My day trip for my Hong Kong trip was a visit to Lantau Island. That island is the biggest in the Hong Kong archipelago, though it is sparsely populated. It is home to the international airport and Disneyland Hong Kong (subject of another post). But the rest of the island is filled with thick forests, small mountains and fishing villages. For the first half of my day trip, I decided to visit the Lantau Big Buddha (or its proper name, the Tian Tan Buddha) and the Po Lin Monastery. It is rather easy to visit both, since they are co-located in the same place. I had intended to ride the Ngong Ping Cable Car to get there. It starts right next to the Tung Chung MTR stop (the last stop on the orange Tung Chung Line. It takes about 45 minutes to reach from Hong Kong Station) and the 25 minute trip will take you straight to Ngong Ping village and provides unparalleled views of Lantau Island (I assume). However, the day I got there, I saw the sign that stated that the annual three weeks of maintenance on the cable car started that day. I was bummed, but there is always a bus (#23) that travels from the MTR stop to Ngong Ping village. It leaves approximately every 30 minutes, though in reality it will leave early if the bus is already filled to capacity with passengers. So while I didn’t get the aerial view of Lantau Island, I got a mini bus tour as the circuitous route wended its way through some fishing village before making the steep ascent to Ngong Ping village. The Big Buddha has only been there since 1993, and until 2007, it was the tallest outdoor seated bronze statue of Buddha. The Buddha is over 100 feet tall, and in fact can be easily viewed from below on the bus ride as you make your approach.
The Buddha itself is right next to the Po Lin Monastery.
As you are in the square, you can easily see the Big Buddha towering over the square.
Then you get to the bottom of the stairs. It is 268 steps to the top and the view from the bottom looking up at the Big Buddha is beckoning you, or taunting you, depending on your views of things.
When I saw the stairs, I was reminded of the old Nike commercial from 1993 where a couple rapidly runs up the stairs of the Jaguar Temple in the Mayan ruins of Tikal. While I wish I can say I sprinted to the top, I did fairly well for the first 75% of the stairs before I started to feel the stairs, and more importantly, that wicked subtropical sun. This morning was the best weather of my trip, and the sun was high, bright and hot as it was pounding down on my head. And I stupidly forgot to bring my hat with me that day (at least I remembered the sunscreen and sunglasses).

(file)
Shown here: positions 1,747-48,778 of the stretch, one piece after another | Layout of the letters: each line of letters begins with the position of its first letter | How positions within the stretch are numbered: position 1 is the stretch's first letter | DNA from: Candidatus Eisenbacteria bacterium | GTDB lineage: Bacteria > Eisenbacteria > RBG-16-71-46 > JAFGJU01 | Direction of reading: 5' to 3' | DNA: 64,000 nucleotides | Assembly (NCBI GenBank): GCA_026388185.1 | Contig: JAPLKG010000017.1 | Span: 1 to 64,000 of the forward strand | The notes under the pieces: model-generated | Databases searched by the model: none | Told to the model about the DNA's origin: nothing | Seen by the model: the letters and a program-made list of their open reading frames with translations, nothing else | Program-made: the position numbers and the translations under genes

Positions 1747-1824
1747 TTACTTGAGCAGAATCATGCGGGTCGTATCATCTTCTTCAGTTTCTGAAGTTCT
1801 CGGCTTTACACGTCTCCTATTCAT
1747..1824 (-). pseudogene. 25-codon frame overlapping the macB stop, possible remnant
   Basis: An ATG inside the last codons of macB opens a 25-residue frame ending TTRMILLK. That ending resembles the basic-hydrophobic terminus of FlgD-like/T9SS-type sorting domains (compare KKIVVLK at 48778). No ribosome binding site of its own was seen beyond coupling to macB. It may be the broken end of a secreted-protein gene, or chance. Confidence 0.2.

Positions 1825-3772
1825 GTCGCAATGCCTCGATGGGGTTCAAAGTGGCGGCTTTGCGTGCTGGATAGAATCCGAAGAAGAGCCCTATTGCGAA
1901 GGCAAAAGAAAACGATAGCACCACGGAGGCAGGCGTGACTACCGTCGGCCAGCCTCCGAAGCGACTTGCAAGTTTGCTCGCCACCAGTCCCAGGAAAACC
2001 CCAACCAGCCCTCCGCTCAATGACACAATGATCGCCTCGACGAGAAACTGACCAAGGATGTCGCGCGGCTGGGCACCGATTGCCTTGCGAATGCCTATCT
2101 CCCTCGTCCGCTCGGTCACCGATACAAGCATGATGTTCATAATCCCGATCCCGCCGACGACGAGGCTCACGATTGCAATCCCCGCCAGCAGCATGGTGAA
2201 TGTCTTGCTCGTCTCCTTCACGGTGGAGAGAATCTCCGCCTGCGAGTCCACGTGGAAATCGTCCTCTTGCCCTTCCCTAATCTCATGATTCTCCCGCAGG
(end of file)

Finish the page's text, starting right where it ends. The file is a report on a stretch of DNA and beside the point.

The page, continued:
Once you are at the top, you can walk around the Buddha. There are numerous smaller statues surrounding the Big Buddha, and there are some very nice views of Lantau Island. Some of those views reminded me of forest views of Kauai with the hills and thick greenery.
The descent is not as strenuous as the ascent. I was hoping to see more of Po Lin Monastery, but the vast majority of it was under renovation. You can still walk through the gate and the open square, but the monastery itself was until piles of scaffolding.
While there wasn’t currently much to see at Po Lin Monastery, and there was no sign saying when the renovation would be complete, make sure you stop in the dining hall for lunch. Between 1130 and 1630 every day, you can purchase a vegetarian lunch on the premises. Tickets are available either right next to the dining hall, or at the bottom of the stairs to the Big Buddha. HK $80 will get you a standard lunch outside, but for a mere HK $118 (less than $15 USD) gets you the deluxe meal. That meal is inside in the dining room and you are given a fabulous, delicious vegetarian spread. When I was there, I had this thick, tasty mushroom soup, vegetarian spring rolls, sauteed greens and mushrooms, stir fried vegetables and rice. If you choose to bring your own lunch, you can sit outside and enjoy it, though heed the signs that say that no meat or alcohol is allowed on the premises (Buddhists are vegetarians).
There are other things to see and do up there. There are some other Buddhist hermitages you can walk to. If you wanted, you could climb up to the top of Lantau Peak, a walk that supposedly takes around three hours round trip. You can explore the Ngong Ping village. But for the most part, you can see the main sights in half a day. I would have taken more time there, but I had other plans for my Lantau Island day trip (covered in the next couple of posts).